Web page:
The University’s Homer Statue, built by Jewish-American sculptor Moses Jacob Ezekiel in 1907 as the “Blind Homer With His Student Guide,” is currently under restoration on the South Lawn and is expected to be completed this week.
The University Police Department were contacted on Jan. 27, 2019 regarding damage to the statue, as the student guide’s lyre reportedly went missing. However, the lyre was later found by a student on the ground next to the statue. University police contacted Facilities Management and gave the lyre to them, according to Charles McCance, assoc. vice president for University Communications.
Since then, a conservator has been hired by the University to restore the statue and is expected to complete the project within the week, including repairing the missing strings on the lyre. In addition to the lyre, the workers also reinforced one of the hands that had become wobbly and added on a layer of protective wax to the statue.
In the time since the initial incident, there has been some speculation regarding how the lyre broke in the first place. One theory is that someone tried to climb onto the statue and the lyre pulled off, while another is that it may have been a more deliberate challenge to steal it.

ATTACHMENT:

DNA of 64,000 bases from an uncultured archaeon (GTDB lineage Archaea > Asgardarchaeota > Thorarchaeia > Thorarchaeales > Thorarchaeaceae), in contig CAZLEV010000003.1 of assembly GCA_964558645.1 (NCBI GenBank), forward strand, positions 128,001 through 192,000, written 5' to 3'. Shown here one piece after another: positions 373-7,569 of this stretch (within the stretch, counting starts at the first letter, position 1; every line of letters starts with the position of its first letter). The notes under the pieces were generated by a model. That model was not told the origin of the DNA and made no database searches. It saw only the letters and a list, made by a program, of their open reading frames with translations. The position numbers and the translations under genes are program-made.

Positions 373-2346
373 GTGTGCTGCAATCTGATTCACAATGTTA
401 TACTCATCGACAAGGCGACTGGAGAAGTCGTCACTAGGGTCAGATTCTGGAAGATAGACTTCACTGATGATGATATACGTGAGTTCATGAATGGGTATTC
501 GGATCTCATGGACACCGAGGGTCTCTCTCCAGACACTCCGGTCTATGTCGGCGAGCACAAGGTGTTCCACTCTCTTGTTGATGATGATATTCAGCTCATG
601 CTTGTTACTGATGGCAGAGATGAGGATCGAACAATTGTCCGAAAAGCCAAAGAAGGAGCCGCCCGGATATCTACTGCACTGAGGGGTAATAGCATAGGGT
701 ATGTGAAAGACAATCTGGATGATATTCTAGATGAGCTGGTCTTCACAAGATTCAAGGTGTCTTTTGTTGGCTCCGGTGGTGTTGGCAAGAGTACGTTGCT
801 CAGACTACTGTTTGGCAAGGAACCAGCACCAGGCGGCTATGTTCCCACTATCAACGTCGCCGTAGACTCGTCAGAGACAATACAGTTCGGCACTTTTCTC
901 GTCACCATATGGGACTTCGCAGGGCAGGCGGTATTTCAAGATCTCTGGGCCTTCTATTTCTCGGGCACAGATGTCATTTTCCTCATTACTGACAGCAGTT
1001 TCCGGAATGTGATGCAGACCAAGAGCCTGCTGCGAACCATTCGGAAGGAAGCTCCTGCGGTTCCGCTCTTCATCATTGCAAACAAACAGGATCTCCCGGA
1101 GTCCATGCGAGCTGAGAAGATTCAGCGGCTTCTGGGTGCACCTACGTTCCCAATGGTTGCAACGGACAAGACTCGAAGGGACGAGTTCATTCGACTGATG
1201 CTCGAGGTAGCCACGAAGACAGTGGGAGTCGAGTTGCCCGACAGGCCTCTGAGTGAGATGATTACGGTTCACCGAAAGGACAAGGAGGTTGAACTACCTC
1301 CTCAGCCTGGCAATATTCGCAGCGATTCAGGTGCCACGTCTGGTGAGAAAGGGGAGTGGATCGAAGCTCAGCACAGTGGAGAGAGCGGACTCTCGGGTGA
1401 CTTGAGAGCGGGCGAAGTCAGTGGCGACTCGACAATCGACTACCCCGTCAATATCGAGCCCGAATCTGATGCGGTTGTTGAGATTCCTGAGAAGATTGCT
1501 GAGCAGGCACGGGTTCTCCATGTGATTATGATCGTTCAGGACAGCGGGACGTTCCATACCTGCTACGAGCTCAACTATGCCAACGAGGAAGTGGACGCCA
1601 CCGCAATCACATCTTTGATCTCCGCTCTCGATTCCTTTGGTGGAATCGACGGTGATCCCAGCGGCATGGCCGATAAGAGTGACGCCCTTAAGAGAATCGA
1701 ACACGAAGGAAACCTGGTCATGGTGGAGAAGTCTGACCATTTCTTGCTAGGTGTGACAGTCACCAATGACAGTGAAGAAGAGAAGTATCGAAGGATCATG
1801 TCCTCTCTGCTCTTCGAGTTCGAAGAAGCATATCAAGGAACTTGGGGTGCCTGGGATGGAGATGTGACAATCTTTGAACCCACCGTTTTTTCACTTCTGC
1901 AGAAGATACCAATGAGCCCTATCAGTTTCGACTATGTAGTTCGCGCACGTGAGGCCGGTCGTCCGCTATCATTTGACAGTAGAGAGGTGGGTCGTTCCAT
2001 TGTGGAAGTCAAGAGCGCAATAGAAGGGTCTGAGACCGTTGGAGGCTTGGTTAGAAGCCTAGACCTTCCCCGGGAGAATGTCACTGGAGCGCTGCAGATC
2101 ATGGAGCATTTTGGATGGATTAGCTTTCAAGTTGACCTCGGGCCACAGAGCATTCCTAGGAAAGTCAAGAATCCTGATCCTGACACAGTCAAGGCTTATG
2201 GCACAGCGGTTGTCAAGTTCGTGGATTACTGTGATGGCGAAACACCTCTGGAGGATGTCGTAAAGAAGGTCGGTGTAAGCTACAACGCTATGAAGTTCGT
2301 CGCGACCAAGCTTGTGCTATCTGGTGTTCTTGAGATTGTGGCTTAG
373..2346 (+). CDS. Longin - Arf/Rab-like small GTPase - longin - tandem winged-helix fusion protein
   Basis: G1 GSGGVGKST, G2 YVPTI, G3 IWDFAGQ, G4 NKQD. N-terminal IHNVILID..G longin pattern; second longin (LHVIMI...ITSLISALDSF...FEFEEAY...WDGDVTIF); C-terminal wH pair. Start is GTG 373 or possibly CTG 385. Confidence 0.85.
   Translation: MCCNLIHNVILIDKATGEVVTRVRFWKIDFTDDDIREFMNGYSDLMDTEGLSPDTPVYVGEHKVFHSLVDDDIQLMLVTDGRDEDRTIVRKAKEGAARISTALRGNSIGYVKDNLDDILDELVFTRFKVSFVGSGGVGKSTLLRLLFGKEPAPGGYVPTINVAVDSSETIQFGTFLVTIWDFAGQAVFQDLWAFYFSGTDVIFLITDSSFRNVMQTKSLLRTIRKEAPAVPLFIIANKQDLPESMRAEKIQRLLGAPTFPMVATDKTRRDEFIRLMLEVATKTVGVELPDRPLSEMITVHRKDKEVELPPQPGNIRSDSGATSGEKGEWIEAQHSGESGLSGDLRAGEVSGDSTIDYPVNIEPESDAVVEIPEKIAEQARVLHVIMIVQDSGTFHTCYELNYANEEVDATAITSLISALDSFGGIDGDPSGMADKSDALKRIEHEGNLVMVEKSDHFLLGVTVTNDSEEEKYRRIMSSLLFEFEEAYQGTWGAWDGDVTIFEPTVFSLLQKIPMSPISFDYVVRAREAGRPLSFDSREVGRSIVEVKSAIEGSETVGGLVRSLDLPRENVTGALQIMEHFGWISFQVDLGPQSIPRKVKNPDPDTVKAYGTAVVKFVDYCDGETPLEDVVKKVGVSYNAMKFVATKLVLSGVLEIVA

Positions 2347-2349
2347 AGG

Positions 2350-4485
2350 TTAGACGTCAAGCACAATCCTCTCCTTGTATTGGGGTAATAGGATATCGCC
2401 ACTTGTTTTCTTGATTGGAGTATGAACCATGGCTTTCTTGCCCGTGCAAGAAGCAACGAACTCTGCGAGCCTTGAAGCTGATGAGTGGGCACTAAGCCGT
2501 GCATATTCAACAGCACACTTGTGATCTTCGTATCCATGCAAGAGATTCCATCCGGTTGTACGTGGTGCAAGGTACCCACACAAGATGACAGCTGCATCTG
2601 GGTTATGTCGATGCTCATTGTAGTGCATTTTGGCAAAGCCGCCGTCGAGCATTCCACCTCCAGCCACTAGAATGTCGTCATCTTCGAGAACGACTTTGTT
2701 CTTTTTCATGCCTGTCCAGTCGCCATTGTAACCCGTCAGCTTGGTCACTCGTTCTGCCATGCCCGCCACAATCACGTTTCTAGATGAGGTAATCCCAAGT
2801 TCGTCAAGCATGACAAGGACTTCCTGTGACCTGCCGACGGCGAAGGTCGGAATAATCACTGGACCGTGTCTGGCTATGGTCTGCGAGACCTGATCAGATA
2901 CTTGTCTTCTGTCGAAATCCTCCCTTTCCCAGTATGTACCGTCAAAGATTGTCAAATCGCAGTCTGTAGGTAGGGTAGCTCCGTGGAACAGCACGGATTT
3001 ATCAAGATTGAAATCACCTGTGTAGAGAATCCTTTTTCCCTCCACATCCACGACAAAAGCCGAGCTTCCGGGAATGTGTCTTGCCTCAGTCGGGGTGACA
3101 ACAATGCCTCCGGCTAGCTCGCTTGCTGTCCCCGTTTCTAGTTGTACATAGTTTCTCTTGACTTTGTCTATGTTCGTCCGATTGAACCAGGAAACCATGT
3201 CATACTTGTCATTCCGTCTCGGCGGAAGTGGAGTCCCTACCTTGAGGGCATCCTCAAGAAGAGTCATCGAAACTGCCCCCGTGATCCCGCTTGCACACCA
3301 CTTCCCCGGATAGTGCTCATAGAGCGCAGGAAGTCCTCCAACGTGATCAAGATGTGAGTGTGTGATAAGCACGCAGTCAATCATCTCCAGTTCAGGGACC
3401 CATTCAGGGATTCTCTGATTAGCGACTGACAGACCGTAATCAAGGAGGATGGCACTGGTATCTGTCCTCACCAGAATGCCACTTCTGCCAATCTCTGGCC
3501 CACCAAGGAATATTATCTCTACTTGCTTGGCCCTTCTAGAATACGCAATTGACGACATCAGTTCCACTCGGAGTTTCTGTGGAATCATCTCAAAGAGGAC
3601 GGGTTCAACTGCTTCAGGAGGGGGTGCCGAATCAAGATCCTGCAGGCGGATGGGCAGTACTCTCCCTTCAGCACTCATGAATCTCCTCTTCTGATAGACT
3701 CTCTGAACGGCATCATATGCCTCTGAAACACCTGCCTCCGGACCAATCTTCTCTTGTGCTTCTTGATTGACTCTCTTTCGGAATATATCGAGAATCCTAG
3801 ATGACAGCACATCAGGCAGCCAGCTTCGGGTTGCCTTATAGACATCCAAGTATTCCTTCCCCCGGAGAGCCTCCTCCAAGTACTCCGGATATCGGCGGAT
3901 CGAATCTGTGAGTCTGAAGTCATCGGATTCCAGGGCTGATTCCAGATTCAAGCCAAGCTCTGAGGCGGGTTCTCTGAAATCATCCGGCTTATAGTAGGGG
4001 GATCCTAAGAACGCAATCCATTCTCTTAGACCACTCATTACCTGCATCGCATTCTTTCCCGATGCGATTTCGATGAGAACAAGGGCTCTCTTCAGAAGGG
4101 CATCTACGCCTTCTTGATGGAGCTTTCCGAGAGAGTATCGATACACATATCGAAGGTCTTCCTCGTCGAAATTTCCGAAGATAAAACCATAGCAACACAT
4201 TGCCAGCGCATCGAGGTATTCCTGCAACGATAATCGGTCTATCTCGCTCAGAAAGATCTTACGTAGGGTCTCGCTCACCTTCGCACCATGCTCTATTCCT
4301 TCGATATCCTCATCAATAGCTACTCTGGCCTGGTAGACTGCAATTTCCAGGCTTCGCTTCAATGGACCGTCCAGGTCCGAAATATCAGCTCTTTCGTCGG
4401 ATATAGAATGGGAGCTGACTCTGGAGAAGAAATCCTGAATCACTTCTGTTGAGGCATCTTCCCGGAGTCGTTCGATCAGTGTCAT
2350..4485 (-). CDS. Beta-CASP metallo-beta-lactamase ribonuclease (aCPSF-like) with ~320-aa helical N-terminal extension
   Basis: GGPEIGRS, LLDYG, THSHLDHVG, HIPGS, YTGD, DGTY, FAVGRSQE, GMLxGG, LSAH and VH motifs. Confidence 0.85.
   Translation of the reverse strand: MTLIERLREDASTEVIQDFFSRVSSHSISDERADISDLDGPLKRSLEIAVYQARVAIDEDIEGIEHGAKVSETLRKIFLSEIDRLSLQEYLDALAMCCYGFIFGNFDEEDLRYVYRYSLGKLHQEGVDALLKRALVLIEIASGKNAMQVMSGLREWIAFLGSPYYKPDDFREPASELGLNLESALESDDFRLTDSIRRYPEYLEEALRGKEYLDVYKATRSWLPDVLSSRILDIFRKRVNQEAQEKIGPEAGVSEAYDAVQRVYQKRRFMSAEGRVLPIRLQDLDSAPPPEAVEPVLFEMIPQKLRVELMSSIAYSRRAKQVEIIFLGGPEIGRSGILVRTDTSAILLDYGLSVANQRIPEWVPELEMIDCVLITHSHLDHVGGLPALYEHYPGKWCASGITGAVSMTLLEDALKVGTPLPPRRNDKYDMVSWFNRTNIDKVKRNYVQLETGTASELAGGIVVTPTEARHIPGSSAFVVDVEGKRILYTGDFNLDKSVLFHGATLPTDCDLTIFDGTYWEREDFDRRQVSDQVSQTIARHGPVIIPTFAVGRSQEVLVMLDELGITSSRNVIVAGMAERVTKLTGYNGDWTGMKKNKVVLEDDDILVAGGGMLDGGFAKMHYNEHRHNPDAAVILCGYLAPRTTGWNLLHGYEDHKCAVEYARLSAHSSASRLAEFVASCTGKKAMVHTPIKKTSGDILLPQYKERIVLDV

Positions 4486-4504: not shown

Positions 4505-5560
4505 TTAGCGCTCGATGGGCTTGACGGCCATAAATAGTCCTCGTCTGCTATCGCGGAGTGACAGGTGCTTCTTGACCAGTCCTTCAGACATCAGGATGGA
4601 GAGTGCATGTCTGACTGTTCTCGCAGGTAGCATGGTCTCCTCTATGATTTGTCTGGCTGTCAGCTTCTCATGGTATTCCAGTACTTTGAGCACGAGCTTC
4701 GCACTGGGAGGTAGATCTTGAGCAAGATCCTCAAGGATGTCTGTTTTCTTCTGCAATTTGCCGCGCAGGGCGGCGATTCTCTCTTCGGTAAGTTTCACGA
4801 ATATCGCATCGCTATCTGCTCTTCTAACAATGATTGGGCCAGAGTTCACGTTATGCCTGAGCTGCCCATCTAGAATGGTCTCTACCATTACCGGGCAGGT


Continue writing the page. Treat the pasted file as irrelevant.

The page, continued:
“Upon close inspection of the lyre, the original mounts were severely corroded,” McCance said. It would not have taken much force to remove the lyre.”
McCane said the Homer statue has become a symbolic part of the University, and its position on the Lawn provides a parallel of Greek and Roman culture. Homer is often associated with education and thought of as a teacher, as well as the poet who wrote the Iliad and the Odyssey.
“At one end of the Lawn we have the Rotunda, which is based on the great building in Rome — the Pantheon — and then we have Homer, who is the great poet of Ancient Greece,” Classics Prof. John Miller said. “There’s a kind of axis of Greek or Roman antiquity.”
Heather Snowden, a third-year College student and president of the Classics Club at the University, said the statue represents the foundations of the University and is happy to hear about its restoration.
“Thomas Jefferson had great respect for the classics, and not only America but Western civilization, in general, is so grounded in the ideas of Ancient Greece and Rome,” Snowden said. “And of course, as a Classics major, I'm glad to see that the symbol of my studies is still well-preserved here at U.Va. It represents a continuing respect for the past that has shaped us.”